Competing risk adjustment reduces overestimation of opportunistic infection rates in AIDS

J Clin Epidemiol. 2000 Aug;53(8):817-22. doi: 10.1016/s0895-4356(99)00235-8.


To illustrate the importance of adjusting the estimates of cumulative incidence of acquired immunodeficiency syndrome (AIDS) related illnesses for competing risk of other causes of death, we compared unadjusted and adjusted (for competing events) incidence estimates for four AIDS illnesses: pneumocystis cavinii pneumonia (PCP), mycobacterium avium complex (MAC), cytomegalovirus (CMV), and esophageal candidiases. The study population was patients followed by the Johns Hopkins Hospital AIDS Service between 1989 to 1995. Ratios of 4 year unadjusted incidence estimates to 4 year adjusted incidence estimates for the four diseases ranged from 1.38 to 1.86, corresponding to cumulative death rates of 61% to 69%. For CMV, the ratios of 4 year unadjusted to adjusted incidence estimates for five groups of patients ranged from 1.5 to 2.33, corresponding to cumulative death rates of 48% to 78%. We conclude that ignoring the competing risk of death can result in substantial overestimation of disease occurrence, which may give misleading results in estimating and comparing the occurrence of a disease of interest.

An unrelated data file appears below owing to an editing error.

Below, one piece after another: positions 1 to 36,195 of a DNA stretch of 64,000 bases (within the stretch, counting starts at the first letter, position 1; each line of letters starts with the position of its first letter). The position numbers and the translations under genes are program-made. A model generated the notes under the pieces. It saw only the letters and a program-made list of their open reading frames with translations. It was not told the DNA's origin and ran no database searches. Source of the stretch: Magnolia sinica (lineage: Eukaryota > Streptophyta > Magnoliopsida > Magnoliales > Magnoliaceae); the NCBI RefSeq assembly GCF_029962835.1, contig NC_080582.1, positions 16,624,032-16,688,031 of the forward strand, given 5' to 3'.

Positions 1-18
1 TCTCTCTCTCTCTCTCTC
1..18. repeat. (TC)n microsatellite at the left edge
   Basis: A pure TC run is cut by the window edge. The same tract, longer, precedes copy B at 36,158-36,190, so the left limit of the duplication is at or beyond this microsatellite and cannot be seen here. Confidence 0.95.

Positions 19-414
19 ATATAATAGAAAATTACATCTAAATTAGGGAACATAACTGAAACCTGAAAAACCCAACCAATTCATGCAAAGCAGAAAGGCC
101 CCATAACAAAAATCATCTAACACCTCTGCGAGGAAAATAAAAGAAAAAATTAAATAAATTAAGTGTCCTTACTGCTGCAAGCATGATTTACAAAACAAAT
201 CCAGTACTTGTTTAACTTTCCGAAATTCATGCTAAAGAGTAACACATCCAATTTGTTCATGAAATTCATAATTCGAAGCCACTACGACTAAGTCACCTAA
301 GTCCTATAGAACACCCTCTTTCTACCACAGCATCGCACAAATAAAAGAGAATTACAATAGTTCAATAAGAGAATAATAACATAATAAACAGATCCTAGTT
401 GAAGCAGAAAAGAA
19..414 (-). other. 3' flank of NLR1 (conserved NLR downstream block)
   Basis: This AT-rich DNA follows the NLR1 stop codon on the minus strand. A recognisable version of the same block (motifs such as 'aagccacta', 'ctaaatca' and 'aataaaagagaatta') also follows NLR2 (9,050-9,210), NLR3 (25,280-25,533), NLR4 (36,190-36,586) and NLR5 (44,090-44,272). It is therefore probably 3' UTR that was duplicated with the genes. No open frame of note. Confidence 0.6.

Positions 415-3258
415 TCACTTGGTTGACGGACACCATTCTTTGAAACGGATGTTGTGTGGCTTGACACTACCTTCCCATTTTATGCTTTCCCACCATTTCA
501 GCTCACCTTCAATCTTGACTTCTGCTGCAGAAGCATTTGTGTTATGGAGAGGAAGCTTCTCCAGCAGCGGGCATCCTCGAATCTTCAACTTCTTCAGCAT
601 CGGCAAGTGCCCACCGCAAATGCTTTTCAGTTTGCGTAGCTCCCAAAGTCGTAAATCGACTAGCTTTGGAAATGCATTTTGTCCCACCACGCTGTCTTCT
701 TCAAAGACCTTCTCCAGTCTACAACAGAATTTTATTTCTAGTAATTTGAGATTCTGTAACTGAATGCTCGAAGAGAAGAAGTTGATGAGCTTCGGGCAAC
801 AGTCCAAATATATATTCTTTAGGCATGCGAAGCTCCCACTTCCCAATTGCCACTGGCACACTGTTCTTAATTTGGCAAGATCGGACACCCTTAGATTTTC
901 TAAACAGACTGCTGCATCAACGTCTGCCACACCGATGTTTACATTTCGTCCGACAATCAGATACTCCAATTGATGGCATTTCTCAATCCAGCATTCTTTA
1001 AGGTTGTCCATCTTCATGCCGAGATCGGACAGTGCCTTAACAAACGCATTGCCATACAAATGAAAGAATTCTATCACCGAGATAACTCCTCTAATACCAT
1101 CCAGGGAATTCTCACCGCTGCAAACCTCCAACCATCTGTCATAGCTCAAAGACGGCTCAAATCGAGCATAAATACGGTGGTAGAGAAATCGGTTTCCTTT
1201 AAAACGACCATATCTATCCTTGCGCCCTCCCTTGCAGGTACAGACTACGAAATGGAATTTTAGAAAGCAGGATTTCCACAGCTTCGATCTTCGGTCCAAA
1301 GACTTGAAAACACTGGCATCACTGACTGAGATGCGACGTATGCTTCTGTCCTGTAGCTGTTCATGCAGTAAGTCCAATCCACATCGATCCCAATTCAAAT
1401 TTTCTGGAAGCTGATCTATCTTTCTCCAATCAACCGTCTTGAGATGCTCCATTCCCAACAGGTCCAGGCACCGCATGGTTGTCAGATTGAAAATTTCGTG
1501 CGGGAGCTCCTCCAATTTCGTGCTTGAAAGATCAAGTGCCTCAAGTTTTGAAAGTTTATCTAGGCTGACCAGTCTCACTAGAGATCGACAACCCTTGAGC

Publication types

  • Research Support, U.S. Gov't, P.H.S.

MeSH terms

  • AIDS-Related Opportunistic Infections / mortality*
  • Adult
  • Baltimore / epidemiology
  • Candidiasis / mortality
  • Cytomegalovirus Infections / mortality
  • Esophageal Diseases / mortality
  • Female
  • Humans
  • Incidence
  • Male
  • Mycobacterium avium-intracellulare Infection / mortality
  • Pneumonia, Pneumocystis / mortality
  • Proportional Hazards Models
  • Risk Factors
  • Survival Analysis